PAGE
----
It’s gotten statewide attention.
In what’s being billed as one of the most interesting races in the state, lawyers Alexandra Kokura and Jerry Mecadon will square off in the Nov. 5 General Election for the district judge seat vacated when Fred Pierantoni was elected to the Luzerne County bench.
The race is the first for that seat since Pierantoni ousted Joseph Keating more than 20 years ago.
The campaign is not following traditional party lines because both candidates are Democrats in this Democratic-leaning region. Both cross-filed in the May primary and Kokura won the Democratic nod while Mecadon came out ahead on the GOP side.
The six-year term pays $86,639 a year, said Art Heinz with the state Administrative Office of Pennsylvania Courts. But, he said, that could go up before the winning candidate takes office as adjustments are usually made at the end of the year.
The political blog, PA Politics, named the 13 most interesting races of 2013, and this race came in at 13. “This made the list because it’s plain fun local NEPA politics.”
Northeastern Pennsylvania politics for sure, the race is ripe with rumor and accusations, according to PA Politics:
• Mecadon’s camp was spotted videotaping Kokura at an event.
• Kokura is using the office as a stepping to stone to Luzerne County judgeship.
• Mecadon wants to move the district judge’s office out of Pittston City Hall.
• Kokura’s cousin, Pittston Area School Board President Charles Sciandra, helped get James “Red” O’Brien, who lost to Kokura by eight votes, a job at the Pittston Area School District warehouse in exchange for support.
In separate interviews on Tuesday, both candidates distanced themselves from the innuendo that has surfaced in local news reports, blogs, talk shows and message boards.
Mecadon referred comments about any campaign videos to his consultant, Ed Mitchell. Mitchell said he is using the video footage in a TV ad that will begin airing this week. He said a political candidate at a public event does not have an expectation of privacy.
Kokura said she is focused only on winning the district judge race and hasn’t had time to consider her future.
Mecadon said he was questioning only the lack of elevators at Pittston City Hall when he was told a plan was already in place to install them.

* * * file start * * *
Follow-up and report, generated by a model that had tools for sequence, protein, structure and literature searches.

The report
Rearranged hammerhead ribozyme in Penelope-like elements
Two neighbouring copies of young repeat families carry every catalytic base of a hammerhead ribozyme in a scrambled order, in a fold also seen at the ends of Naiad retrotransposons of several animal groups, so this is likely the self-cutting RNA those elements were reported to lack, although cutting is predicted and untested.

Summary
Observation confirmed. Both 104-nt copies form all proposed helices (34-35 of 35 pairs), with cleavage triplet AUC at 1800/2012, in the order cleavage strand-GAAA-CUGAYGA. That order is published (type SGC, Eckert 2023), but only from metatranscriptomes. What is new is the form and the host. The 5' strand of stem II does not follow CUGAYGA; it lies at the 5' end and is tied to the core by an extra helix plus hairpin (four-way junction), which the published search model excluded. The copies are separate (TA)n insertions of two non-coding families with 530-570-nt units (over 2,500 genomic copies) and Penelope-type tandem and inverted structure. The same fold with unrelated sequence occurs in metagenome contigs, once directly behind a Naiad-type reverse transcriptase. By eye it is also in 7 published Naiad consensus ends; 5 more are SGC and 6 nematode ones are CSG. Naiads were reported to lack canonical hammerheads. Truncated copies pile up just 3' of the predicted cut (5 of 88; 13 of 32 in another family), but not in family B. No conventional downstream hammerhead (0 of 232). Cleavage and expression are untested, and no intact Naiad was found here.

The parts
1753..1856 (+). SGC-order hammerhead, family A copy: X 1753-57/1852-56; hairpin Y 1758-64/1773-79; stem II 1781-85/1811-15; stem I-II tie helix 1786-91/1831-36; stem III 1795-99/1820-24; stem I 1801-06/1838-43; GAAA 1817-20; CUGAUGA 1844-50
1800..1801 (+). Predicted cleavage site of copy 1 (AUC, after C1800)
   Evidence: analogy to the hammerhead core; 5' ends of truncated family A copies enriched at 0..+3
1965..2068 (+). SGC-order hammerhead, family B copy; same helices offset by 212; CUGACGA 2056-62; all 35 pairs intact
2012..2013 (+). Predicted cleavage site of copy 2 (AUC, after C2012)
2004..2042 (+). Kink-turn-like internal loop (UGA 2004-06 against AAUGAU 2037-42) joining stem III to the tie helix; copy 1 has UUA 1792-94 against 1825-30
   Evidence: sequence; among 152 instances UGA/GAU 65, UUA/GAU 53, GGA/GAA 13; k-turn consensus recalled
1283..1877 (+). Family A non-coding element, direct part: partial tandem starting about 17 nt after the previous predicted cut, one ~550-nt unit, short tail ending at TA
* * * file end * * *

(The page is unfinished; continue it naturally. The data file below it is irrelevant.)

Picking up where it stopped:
Kokura denied that Sciandra, a second cousin of hers, got O’Brien a job in exchange for him dropping a recount and supporting her.
The seat covers Pittston city, the boroughs of Avoca, Dupont, Duryea, Hughestown and Yatesville, and Jenkins and Pittston townships. The seat is currently occupied on an interim basis by Senior District Judge Andrew Barilla Jr., formerly the longtime Swoyersville district judge. He was appointed to the seat after Pierantoni became a county judge in 2012 and is paid on a per-diem basis.
Both candidates said their experience and their record make them right for the job.
Mecadon cited his years of working as defense lawyer, a master in various civil cases and working in a federal prosecutor’s office.
“I’ve got the experience,” he said. “I’ve seen what works and what doesn’t work. I’ve seen everything through prosecutors’ eyes, through judges’ eyes, the victims’ eyes. I’ve pretty much walked in all the shoes with them.”
Kokura said her experience as a court-appointed special master has her already doing many of the duties of a district judge.
“I sit in the capacity as a decision-maker in the courtroom,” she said. “I hear testimony, I weigh evidence and I make decisions based upon what is put in front of me. It’s immediately effective the date I file it, and the orders are enforceable and parties can be held in contempt.”
Both candidates understand the job and its requirements. Mecadon called the position a “neighborhood judge,” and Kokura called the courtroom the “people’s court.”
“You’re a person that people can come talk to if they have issues, and you try to work things out,” Mecadon said. “You try to handle things and be objective and try to be as thorough as you can be.”
“They are the gatekeeper of the people’s courtroom,” Kokura said. “Most people that will ever encounter the judicial system will only ever encounter district court.”